Wed, 09/03/2014 - 09:05 By john

I wrote this post last winter on the morning of Super Bowl Sunday (February 2, 2014) but have been somewhat tardy about getting it published. Late or not, I believe it is still relevant – especially with fall football season getting started.

Today is Super Bowl Sunday. All over America people will gather around their large-screen TVs, fill their laps with snacks and watch as the two best professional football teams in America duke it out to see just who really is the best. The halftime show will be a "pull-out-all-the stops" extravaganza and the TV commercials will be true works of art, full of creativity.

One has to wonder what all this would look like to an outside observer? What conclusion would some alien anthropologist operating unseen drones from a hidden lunar base draw? Here’s a possible excerpt from his (hypothetical) report: "During the northern hemisphere’s winter the humans occupying the North American continent participate in a continent-wide religious festival centering around a gladiatorial combat-style game between two teams of fighters. These fighters have won the right, to face each other in this climax battle by defeating all their opponents in a series of lesser battles that were fought over the preceding fall season."

If we somehow got our hands on his report – and could read it – we might want to say to him, "Come on, Mr. Alien, we’re not being religious! It's just a game!" The truth is, though, our alien friend’s assessment – calling the Super Bowl religious – may be more correct and hit closer to the mark than ours. If you take a step back and look at it from a broader angle, Super Bowl mania does indeed contain a strong, even overwhelming, religious element! There is a kind of religious worship involved in this midwinter festival of ours.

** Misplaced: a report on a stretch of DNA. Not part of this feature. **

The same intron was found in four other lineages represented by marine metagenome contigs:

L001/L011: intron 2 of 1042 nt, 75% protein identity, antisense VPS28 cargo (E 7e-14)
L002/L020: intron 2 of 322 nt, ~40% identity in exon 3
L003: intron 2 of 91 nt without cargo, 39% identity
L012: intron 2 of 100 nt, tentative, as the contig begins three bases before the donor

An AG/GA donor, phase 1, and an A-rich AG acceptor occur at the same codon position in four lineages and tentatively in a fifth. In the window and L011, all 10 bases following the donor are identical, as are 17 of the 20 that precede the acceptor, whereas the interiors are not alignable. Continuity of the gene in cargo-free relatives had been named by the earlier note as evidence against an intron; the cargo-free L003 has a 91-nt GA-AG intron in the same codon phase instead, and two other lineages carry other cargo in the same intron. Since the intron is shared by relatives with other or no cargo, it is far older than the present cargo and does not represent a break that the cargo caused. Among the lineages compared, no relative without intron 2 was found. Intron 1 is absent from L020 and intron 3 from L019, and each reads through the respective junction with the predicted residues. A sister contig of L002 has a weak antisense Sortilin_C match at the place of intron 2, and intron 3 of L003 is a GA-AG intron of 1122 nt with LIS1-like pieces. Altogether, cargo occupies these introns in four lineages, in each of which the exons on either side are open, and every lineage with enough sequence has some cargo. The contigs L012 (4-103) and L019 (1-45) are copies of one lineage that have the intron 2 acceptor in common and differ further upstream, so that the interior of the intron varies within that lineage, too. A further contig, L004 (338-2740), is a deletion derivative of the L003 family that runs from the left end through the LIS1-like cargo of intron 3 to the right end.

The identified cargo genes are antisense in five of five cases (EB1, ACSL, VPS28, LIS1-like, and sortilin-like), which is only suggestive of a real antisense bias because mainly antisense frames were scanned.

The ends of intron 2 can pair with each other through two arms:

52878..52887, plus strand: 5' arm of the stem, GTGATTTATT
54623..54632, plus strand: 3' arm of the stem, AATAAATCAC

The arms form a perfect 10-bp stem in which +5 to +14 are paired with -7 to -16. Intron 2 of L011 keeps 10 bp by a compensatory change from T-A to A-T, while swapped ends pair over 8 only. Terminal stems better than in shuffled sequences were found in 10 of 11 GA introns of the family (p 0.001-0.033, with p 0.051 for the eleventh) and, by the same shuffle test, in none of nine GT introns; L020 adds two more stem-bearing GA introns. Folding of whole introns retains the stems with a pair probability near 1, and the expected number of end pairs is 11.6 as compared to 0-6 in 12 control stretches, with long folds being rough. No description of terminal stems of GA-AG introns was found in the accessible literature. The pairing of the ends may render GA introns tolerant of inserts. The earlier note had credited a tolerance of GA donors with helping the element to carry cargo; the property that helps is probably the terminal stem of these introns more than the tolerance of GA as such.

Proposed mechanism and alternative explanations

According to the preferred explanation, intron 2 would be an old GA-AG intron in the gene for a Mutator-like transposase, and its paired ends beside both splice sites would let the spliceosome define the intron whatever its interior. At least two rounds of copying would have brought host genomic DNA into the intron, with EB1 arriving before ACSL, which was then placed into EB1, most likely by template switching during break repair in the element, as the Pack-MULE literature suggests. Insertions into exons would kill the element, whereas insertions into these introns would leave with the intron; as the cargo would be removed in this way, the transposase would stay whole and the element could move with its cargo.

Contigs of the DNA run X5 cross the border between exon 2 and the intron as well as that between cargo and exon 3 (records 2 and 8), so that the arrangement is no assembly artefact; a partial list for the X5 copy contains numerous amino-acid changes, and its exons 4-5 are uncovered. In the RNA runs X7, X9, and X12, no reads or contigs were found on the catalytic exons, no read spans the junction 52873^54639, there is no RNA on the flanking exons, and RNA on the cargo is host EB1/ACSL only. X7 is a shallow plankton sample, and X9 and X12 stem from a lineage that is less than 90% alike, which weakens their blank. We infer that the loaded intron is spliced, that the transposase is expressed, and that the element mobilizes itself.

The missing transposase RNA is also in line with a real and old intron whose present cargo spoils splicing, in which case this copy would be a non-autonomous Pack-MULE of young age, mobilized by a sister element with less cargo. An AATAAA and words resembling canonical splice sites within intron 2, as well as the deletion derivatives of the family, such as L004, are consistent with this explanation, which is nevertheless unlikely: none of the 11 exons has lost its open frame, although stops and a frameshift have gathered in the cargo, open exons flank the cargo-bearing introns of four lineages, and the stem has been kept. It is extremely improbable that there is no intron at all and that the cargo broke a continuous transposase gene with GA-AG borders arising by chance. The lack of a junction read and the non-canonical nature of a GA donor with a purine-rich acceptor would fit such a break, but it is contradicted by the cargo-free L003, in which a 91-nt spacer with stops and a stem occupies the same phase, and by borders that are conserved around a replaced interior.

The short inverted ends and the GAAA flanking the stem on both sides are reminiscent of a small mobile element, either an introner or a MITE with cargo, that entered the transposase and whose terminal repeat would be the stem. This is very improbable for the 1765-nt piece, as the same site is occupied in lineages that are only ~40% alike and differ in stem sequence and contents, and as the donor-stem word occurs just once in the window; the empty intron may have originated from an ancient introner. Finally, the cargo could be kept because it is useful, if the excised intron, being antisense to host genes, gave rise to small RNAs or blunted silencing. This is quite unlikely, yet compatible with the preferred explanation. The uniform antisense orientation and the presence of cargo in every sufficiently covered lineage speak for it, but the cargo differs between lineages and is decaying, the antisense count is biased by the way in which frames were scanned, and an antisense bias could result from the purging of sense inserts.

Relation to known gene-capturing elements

Worship is part of the Super Bowl? Yes, worship. Certainly not worship of God the Creator of the universe, but worship nonetheless. It’s interesting that the Bible doesn't present us with a precise definition for worship. God simply tells us that we must worship Him – and only Him. Still, while it may not expressly define what worship is, the Bible is full of examples of what true worship looks like. Jesus spoke directly to it when he told the Samaritan woman that we must worship God "in spirit and in truth" (John 4:23). When you consider the picture of worship that emerges in the Scriptures, you see an image of total focus on Him, total reliance on Him. That total focus and total reliance is accompanied by spiritual communion with Him. If that picture is true then we can't think of worship as being only what we do on Sunday morning when we sing songs and preach the word. We can't even limit our concept of worship to the blessing His presence brings us as we corporately focus on Him. Those things truly are worship, but worship as the Bible presents it, is much bigger than that. Worship is a lifestyle we live out, punctuated with our corporate gatherings as a church. So, in reaching for a definition of worship, I would put it this way: Worship is a total focus on communion with God, whether expressed in times set aside for that purpose or in a lifestyle centered on Him. Everyone is a worshiper, but not everyone is a worshiper of God. If you are interested in determining just what kind of worshiper you are, you must consider your lifestyle. If our alien observer could watch, in detail, your life and routines, what one factor would stand out as a definition of who you are? What does your life focus on? Would he see true worship of God or would he see something else?

I started this post talking about Super Bowl mania and how the zeal and fervor surrounding that game has strong, religious overtones. We Christians watching it would do well to consider if we are really just enjoying a good game. Have we let our focus drift? Have we made it into something else, something that takes us away from God? Are we dissipating our worship on something trivial? If so, then maybe a lifestyle change is in order.